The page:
Wine is a big part of what makes up the fabric of our lives, and so it’s an important topic of conversation.
As we grow up, our sense of what’s best for our food, and our expectations about the world around us, will shape what we make for our dinner table, our takeaway from the supermarket and our personal favourite wine.
And it’s a conversation we need to keep having, as we consider how we’ll enjoy our own wines next.
The global wine industry is booming and there’s a new wave of small-scale producers and winemakers making wine in places like South Africa, where the global population is rising by an average of about 10 per cent a year.
And while the US is in the midst of a national celebration of wine, its only growing by the year, with a total of about 4 million hectares now under vineyards.
It’s an opportunity for small producers to make wine in a country that’s often criticised for not producing enough of it.
The US has produced more than a million hectolitres of wine since 2006, but only about half of it is exported.
This year, the US Department of Commerce said it will be sending a total $3.4bn to the US wine industry, which is a record.
The wine industry has struggled to find its footing since the financial crisis, with many small producers struggling to find buyers for their products, or to secure financing.
“The US wine market has a lot of potential, and is still growing, but we need a big shift in the US mindset,” says Daniel Wieden, director of the Wine and Spirits Institute at the University of Texas at Austin.
“I think the biggest hurdle right now is the lack of visibility.”
Wiedens research into the US market has found that while there’s been a dramatic increase in the amount of wine sold at US supermarkets since 2011, the quality of the products is falling.
“It’s like trying to grow a vineyard in a desert,” he says.
“You can’t do that.
Wiesen and his team are developing a system for small wineries to grow their own wine and export it, using a system called CSA, which stands for commercial agriculture as a service. “
So, we need an entirely different perspective of what the market needs.”
Wiesen and his team are developing a system for small wineries to grow their own wine and export it, using a system called CSA, which stands for commercial agriculture as a service.
It aims to give small producers the same kind of flexibility that the wine industry enjoys, with the ability to grow the vineyard as they see fit.
“There are all sorts of ways in which you can produce grapes for the consumer, but you don’t have the right to do it for a fee,” Wiesens says.
That’s because the cost of growing grapes is prohibitive.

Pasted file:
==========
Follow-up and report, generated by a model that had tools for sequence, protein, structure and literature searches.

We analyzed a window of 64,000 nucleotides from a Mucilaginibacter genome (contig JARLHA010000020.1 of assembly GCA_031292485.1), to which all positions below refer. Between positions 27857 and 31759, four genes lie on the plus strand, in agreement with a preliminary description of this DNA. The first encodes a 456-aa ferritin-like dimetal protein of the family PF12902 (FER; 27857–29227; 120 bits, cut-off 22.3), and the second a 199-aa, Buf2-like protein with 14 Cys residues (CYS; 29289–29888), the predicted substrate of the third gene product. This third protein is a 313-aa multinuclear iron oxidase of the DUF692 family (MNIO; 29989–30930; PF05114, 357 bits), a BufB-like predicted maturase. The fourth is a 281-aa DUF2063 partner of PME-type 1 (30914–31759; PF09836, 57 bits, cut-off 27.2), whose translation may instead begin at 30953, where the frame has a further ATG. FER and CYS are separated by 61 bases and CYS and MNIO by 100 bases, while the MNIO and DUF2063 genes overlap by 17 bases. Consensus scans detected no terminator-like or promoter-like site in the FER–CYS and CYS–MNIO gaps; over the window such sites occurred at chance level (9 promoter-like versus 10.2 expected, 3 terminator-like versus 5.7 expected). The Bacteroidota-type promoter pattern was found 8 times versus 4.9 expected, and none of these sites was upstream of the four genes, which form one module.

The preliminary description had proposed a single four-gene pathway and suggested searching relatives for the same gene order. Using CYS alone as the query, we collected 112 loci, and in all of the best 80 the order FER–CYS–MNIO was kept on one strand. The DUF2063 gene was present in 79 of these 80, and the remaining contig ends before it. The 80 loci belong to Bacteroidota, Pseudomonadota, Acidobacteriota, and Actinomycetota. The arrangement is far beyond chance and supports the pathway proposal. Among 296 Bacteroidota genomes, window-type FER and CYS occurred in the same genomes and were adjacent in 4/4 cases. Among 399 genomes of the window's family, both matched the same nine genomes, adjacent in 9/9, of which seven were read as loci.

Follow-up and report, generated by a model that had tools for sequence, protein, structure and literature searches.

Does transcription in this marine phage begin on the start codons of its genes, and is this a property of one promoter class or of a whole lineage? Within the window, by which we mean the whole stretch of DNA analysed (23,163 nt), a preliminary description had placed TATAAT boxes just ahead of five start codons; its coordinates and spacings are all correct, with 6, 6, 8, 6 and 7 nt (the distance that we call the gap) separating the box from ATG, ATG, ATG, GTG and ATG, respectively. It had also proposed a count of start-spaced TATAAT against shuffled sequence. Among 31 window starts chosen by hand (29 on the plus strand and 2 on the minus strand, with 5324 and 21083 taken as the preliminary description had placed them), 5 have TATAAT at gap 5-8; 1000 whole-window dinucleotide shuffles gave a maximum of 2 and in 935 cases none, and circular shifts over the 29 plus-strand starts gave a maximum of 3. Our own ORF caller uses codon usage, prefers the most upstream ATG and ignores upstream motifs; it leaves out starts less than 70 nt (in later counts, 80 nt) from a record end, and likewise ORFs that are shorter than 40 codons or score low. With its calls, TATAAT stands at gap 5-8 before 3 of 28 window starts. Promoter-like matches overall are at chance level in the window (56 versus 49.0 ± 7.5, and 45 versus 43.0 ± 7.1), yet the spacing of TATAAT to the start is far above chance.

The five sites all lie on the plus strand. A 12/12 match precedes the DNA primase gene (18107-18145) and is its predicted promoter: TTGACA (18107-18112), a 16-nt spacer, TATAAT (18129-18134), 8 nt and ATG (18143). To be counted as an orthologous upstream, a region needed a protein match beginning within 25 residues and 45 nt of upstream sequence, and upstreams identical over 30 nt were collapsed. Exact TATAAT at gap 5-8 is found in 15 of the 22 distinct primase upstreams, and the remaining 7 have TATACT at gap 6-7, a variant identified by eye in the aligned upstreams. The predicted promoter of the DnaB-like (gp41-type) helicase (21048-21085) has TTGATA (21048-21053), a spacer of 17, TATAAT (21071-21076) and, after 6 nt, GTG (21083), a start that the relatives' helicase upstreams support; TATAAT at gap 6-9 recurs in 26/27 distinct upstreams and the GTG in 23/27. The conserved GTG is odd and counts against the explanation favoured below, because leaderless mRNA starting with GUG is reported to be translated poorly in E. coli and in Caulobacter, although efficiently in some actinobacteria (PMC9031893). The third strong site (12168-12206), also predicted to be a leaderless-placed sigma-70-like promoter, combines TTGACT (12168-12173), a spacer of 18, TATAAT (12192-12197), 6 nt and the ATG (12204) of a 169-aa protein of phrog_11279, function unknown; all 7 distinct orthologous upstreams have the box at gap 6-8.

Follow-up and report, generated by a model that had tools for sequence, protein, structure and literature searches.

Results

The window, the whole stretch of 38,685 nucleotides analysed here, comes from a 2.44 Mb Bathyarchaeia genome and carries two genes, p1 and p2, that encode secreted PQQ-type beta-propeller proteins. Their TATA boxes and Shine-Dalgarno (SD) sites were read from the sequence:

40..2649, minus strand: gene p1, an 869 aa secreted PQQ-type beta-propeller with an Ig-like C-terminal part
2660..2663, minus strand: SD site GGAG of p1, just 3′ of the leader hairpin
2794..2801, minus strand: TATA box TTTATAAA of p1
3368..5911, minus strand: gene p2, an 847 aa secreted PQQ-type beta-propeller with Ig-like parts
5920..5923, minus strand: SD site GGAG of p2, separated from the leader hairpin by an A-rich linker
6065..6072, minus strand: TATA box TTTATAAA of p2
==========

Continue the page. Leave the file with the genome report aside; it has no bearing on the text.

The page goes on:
In the US, wineries must pay a fee to get a licence, which means they must use a certain amount of money to buy the grapes they want.
This is often a lot less than what small winemaking would cost, which can be prohibitive for the small farmer who’s trying to get by.
So Wieses team is developing a solution that allows small winery to pay a set amount of rent for a certain number of years.
The winery then sells the grapes to the consumer for a set price, based on their rent.
And Wiesenes team is looking at ways to make that model work better.
For instance, a winery could offer a wine for a fixed price, which the consumer pays for the same amount of time.
This way, the consumer can buy a wine, and get paid on that date.
The system would then give the winery a discount on the wholesale price for that particular wine, which would make it easier for small growers to get their products into stores and then sell them on the market.
Wine producers like Wieseners are also interested in the idea of making wine from plants that they have grown themselves, instead of buying from big growers that they can’t afford.
“If you can grow your own grapes, you don.
But if you have a company that grows them for you, then you’re not the one that gets to pay for that product,” Wiedes says.
The solution to the problem of the wine producer who can’t grow his own grapes is called a ‘rental model’.
This model is a way of giving the winemaker the freedom to grow his grapes and sell them for a profit.
If a winemaker is going to rent the grapes for a price, they are entitled to rent that price for the next 12 months, which will keep the winemener in business.
“What we’re trying to do here is provide a way for a winemerer to own his grapes, and then get paid to do that work,” Wysens says, pointing to the system that’s already been used by a couple of local wineries.
“When you rent a space for a year, you’re getting paid a certain percentage of that rent.